A fellow approached Pirates closer Jason Grilli Thursday at PNC Park and politely introduced himself before abruptly pulling back his hand just as Grilli reached to shake it. Talk about an awkward moment. Grilli didn't know what to think, the look on his face curious. "I don't want first-degree burns," the man told him. They both grinned.
Grilli is that hot.
Actually, he's hotter.
You probably know Grilli easily led baseball in saves and was a perfect 22 for 22 in save chances going into games Thursday. You might know his strikeouts-to-walks ratio is a staggering 38-to-5 and that he is averaging 13.86 strikeouts per nine innings. But do you know only one pitcher had more saves in April and May since baseball started recognizing the stat in 1969? Danny Graves of the Cincinnati Reds had 24 in 2004 on his way to a 41-save season. None of the 10 pitchers who had 50 saves or more in a season had as many in the first two months, not even the Los Angeles Angels' Francisco Rodriguez, who had 62 in 2008 but just 21 on June 1.
Grilli's success isn't extraordinary just because he's a first-time closer. He's 36. Of the 10 pitchers with 50 saves in a season, only the Oakland Athletics' Dennis Eckersley was older when he did it. Of the 140 pitchers who had 40 or more saves in a season, only nine were 36 or older.
"I'm glad you did all that research because I don't pay any attention to it," Grilli said during a pleasant, lengthy chat in the Pirates dugout. "It goes in one ear and out the other. I know numbers are big in baseball, but I've simplified everything down to a feeling ... the feeling I have when I'm on the mound. Like the guy who needs a drink, I need it. I crave it."
You saw it Tuesday night when Grilli struck out Detroit thumpers Torii Hunter, Miguel Cabrera and Prince Fielder in a one-two-three 11th inning to save the Pirates' 1-0 win. You saw it Sunday when he needed just nine pitches to retire the Milwaukee Brewers in a perfect ninth inning in a 5-4 win. You have seen it all season. Grilli retired 31 of the 35 hitters he faced in his past 11 outings. He has to be the Pirates' favorite to make the All-Star game.
How about third-degree?
"I guess if I was telling kids the significance of my story, it would be that, if you truly love what you do, don't give up on it," Grilli said. "I always wanted to be a big contributor to a team. I always wanted to do something significant. I've put in a lot of heart and perseverance to get to this point."
Let Grilli count the ways. Literally.
"Ten teams. Three surgeries. Four agents. Twelve financial advisers. Lots of cups of coffee ... "
You get the idea.
Grilli hit bottom when he tore up his right knee during spring training in 2010 with the Cleveland Indians. "I was just doing my running," he said. "My kneecap ended up swinging all the way around. The guys who were running with me said it was the most disgusting sound they'd ever heard ...
"[That night], I'm in a hotel room in Arizona. It took me 20 minutes to get from the bed to the toilet. I about ripped the sink out of the wall. I thought, 'This isn't supposed to happen to me.' I had a snapshot in my mind of how my career was supposed to look and that wasn't it. I knew I wasn't done with baseball."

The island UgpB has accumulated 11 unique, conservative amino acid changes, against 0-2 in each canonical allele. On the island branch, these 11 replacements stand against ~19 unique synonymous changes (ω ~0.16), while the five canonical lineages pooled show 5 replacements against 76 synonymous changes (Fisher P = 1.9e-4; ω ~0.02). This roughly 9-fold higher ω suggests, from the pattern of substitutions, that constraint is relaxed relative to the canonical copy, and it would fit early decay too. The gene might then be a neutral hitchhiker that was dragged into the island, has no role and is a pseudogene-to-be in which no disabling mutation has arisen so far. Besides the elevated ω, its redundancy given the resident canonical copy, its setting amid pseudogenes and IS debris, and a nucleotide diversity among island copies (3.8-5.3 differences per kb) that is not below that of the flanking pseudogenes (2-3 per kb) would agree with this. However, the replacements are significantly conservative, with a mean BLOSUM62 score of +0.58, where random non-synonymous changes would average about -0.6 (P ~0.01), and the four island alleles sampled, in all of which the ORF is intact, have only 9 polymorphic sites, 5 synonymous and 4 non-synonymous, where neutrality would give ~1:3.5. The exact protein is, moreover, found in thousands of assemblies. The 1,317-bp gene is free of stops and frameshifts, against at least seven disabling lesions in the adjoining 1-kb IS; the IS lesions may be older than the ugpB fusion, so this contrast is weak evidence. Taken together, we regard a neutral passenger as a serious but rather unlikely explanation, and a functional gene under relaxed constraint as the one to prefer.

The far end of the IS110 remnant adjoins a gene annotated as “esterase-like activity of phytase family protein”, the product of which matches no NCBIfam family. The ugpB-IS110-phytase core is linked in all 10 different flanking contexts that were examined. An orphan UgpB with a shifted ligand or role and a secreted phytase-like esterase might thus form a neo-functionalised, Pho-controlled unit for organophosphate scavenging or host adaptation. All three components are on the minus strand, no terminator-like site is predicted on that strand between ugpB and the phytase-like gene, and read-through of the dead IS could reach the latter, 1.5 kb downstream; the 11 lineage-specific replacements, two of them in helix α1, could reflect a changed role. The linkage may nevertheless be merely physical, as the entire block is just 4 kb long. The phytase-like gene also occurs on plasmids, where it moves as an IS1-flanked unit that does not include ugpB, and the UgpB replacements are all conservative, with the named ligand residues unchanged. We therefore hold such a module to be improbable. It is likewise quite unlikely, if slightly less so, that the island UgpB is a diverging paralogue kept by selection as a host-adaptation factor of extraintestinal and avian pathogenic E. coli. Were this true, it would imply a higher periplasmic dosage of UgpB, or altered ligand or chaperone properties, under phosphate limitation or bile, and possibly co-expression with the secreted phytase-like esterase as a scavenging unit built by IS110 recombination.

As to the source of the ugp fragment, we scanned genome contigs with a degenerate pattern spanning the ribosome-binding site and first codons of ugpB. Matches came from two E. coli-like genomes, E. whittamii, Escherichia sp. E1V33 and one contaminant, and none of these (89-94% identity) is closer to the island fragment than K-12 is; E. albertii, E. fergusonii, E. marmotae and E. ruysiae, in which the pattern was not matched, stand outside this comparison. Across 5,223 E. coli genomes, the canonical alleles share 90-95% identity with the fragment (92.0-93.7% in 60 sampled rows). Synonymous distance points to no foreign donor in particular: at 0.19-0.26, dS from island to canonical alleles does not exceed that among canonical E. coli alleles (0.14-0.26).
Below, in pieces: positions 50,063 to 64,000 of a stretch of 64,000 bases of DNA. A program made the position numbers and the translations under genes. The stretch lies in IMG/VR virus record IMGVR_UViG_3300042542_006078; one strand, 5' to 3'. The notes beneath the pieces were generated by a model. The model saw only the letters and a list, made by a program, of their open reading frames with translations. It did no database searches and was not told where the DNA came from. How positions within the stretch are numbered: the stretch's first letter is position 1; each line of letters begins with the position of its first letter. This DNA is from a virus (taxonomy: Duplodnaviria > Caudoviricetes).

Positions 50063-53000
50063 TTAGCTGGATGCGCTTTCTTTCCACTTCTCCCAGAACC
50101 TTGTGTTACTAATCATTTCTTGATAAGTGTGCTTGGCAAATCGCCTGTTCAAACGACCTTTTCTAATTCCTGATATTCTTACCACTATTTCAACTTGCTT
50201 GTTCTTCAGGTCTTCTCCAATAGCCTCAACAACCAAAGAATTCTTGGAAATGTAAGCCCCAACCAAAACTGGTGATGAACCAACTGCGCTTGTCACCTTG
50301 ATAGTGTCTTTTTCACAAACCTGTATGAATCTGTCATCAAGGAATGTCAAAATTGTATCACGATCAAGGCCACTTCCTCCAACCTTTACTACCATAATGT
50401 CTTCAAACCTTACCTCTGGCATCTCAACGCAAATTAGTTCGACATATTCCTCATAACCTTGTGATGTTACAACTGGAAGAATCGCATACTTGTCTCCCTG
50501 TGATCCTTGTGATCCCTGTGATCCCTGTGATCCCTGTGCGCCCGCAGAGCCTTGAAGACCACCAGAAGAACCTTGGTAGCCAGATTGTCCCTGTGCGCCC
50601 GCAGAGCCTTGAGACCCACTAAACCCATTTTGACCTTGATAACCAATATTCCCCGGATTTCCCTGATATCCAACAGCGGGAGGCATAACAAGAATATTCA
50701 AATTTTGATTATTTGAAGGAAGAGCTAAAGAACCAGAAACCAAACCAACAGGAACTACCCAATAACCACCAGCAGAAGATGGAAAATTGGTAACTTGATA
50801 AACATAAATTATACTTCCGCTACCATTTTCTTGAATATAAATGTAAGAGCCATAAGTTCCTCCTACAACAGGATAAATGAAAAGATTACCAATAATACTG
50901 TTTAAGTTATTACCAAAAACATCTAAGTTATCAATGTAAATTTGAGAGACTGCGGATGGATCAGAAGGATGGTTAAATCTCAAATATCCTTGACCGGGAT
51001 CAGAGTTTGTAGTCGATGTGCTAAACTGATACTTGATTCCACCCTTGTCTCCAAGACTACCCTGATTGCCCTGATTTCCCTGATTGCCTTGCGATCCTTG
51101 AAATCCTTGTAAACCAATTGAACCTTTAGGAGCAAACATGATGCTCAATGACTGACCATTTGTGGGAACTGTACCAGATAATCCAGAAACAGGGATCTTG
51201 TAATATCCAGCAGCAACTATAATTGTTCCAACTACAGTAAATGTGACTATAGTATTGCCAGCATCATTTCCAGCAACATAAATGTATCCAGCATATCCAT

Grilli missed the 2010 season and was stuck in Triple-A in the Philadelphia organization in 2011 when he faced a major career decision. He was married and had a 3-year-old son at the time. An offer came from Korea.
"I remember dragging my roommate -- Tagg Bozied -- into a laundry room at the ballpark in Scranton," Grilli said. "That was a real scary time for me. I said, 'Tagg, what should I do? Should I go to Korea?' I have to clean up his language to tell you what he told me. 'Are you kidding me? Bleep, no. If your ERA was 5 or 6, you'd be going to Korea. But your ERA is under 1. You're a big-league pitcher.' I just said thank you and gave him a big hug. I needed that confirmation at that point."
Grilli stayed with the Lehigh Valley club. The Phillies did him a favor by releasing him a month later in July so he could sign with the Pirates at the urging of manager Clint Hurdle, who had him in Colorado. Grilli finished the season strong, was a terrific eighth-inning set-up man last season and took over as closer this season after Joel Hanrahan was traded to Boston.
"People ask me what the difference is being the closer," Grilli said. "I tell them there is no difference. Instead of doing it in the eighth inning, I do it last, that's all."
Grilli made it sound simple, but it really isn't. Most baseball people will tell you there's a big difference between getting the first 24 outs of a game and the final three outs. Then again, Grilli keeps everything about baseball simple. "I try to strike out every hitter. That has to be my mindset. I have to be aggressive to be successful."
How long will it last? That seems like a fair question about the Pirates, who took a 33-20 record into the game Thursday night against Detroit. It's a really fair question about Grilli, who's the oldest player on the team's active roster.
"I plan on it lasting," Grilli said. "I was on a gravel road for a long time during my career. Now, I'm on smooth pavement. I want to ride it out for as long as I can."
At that moment, it was hard to tell Grilli from a group of 8-year-old players from the Pine-Richland Baseball Association who were hanging out in the dugout. They were belly up to the railing, wide-eyed, watching Andrew McCutchen, Starling Marte and Pine-Richland's own, Neil Walker, take batting practice, soaking in all the wonder of big-league baseball.
"Those kids, they want to be us," Grilli said. "You know what the irony is? We want to be them. We are them."
A big kid in a man's body, having the time of his life.
Ron Cook: firstname.lastname@example.org. Ron Cook can be heard on the "Vinnie and Cook" show weekdays from 10 a.m. to 2 p.m. on 93.7 The Fan. First Published May 31, 2013 4:00 AM